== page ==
6. Check for local access numbers. Your ISP will probably give you a local access number, but they cannot verify that it is local for you. Ask for several access numbers in your area and call your phone company. Make sure these data transfer numbers will not incur any extra charges on your phone plan. If you have unlimited long distance and don’t have local access numbers, you still want to get the closest number possible to sustain a better connection. You may need to ask your long distance phone company about their policy of data transfer numbers or excessive usage. Some unlimited long distance companies may threaten to terminate your service for using a long distance access numbers excessively.
7. Consider your total expenses. Check out a variety of ISP’s available to you. Do they have contracts, hidden fees? What are the payment methods and prices, and do the prices change over time? What are the terms of service? Make sure there are no additional charges and that you understand the signup, billing, and cancellation procedure so that you do not incur unnecessary charges over a misunderstanding. How do you cancel if you’re not satisfied? There are many ISP’s wanting your business and offering great prices. Make sure you look around and get something that will give you the best deal and satisfaction. Run a search query on the name of the ISP and “promotion” or “special offer” to see if you can get a first time customer discount.
Now that you are prepared for dial-up, you can connect simply and avoid some of the typical start up surprises. Happy dial-up shopping!

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Dial-up vs. Satellite Internet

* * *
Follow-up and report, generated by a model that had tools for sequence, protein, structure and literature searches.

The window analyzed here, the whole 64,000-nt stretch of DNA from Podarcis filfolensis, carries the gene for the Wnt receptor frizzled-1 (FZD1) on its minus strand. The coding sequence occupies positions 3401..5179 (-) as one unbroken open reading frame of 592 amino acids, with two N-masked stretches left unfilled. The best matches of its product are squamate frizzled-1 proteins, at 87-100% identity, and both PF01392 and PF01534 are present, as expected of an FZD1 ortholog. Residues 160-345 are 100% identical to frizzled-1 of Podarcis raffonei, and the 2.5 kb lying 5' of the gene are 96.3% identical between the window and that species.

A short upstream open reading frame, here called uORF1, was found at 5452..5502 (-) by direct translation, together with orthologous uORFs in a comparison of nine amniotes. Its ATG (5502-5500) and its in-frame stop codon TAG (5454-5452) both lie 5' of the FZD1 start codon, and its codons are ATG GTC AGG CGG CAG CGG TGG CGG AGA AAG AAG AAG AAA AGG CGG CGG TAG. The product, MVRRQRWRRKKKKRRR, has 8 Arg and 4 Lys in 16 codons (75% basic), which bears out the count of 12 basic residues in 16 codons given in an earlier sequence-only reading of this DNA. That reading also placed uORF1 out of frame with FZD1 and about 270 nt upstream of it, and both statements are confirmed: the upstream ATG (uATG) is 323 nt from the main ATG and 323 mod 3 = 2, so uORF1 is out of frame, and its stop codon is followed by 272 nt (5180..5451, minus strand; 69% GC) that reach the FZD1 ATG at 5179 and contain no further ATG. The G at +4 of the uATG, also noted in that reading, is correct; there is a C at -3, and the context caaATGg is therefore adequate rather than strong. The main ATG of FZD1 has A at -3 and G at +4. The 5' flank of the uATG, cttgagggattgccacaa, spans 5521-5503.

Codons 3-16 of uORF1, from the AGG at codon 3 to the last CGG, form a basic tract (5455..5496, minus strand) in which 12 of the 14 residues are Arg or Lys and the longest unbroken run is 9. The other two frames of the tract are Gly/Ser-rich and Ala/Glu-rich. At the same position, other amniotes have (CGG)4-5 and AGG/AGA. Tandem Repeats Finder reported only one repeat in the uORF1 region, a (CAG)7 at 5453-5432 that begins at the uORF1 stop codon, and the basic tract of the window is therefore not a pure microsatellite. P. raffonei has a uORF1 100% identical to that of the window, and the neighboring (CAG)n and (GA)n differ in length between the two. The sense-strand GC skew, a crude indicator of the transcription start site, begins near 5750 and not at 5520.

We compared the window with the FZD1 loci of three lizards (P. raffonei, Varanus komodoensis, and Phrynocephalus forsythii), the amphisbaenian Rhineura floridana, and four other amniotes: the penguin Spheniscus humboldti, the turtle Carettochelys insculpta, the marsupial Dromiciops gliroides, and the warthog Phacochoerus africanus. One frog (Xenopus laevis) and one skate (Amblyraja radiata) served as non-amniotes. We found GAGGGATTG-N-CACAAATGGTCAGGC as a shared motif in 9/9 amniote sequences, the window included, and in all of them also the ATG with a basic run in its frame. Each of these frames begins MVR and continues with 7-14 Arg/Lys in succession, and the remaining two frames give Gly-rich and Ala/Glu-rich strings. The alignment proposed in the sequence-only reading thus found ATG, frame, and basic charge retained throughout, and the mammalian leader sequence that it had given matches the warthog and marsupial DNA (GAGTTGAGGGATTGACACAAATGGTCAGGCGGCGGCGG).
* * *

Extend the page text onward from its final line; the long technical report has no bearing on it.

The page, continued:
May 29, 2009 at 3:33 pm (Dial up) (, , , )

In spite of government and internet companies’ eager attempts to make broadband available to the entire U.S., many rural homes across the country have little or no access to DSL and cable. Two types of internet services are often available for these areas: dial up and satellite.

Dial up internet has multiple benefits over satellite internet. The most obvious difference is the price. The total monthly cost of dialup is between 10 and 20 dollars a month with little or no additional fees including set up or equipment fees. Satellite internet has a monthly fee somewhere between 40 to 350 dollars a month, not including the price of leasing or buying the equipment, installation, and other fees such as repair plans, technical support, or contract fees.

Even a far stretch of the possible expenses of dialup will not come near the price of satellite. A dialup modem, for example is typically between 20 and 50 dollars, but is usually already installed on the computer. Other than a land line and a phone cord, that is the extent of the “equipment” and “installation” costs.

Reliability and convenience are two areas where dial up exceeds satellite. Connecting to the internet with most dialup services is available to any computer that has a land line phone. That means you can take your services with you when you vacation or travel. It is not confined to the home where the satellite dish is installed.

Satellite does brag faster speeds, but can be abruptly terminated in the event of inclement weather or damage to the expensive satellite dish. Also, satellite is limited to only those homes that are owned (renters must have permission to install a dish) and have a clear view of the southern sky. This makes it difficult for anyone who lives in a wooded area or near other large buildings.

Getting started with dialup is often as simple as a phone call and a configuration of settings on the computer, where setting up satellite could take several weeks, not to mention the amount of time and cost that would be considerably higher should a repair be necessary.

If you need a quick, easy, and inexpensive way to connect to the internet, choose dial up!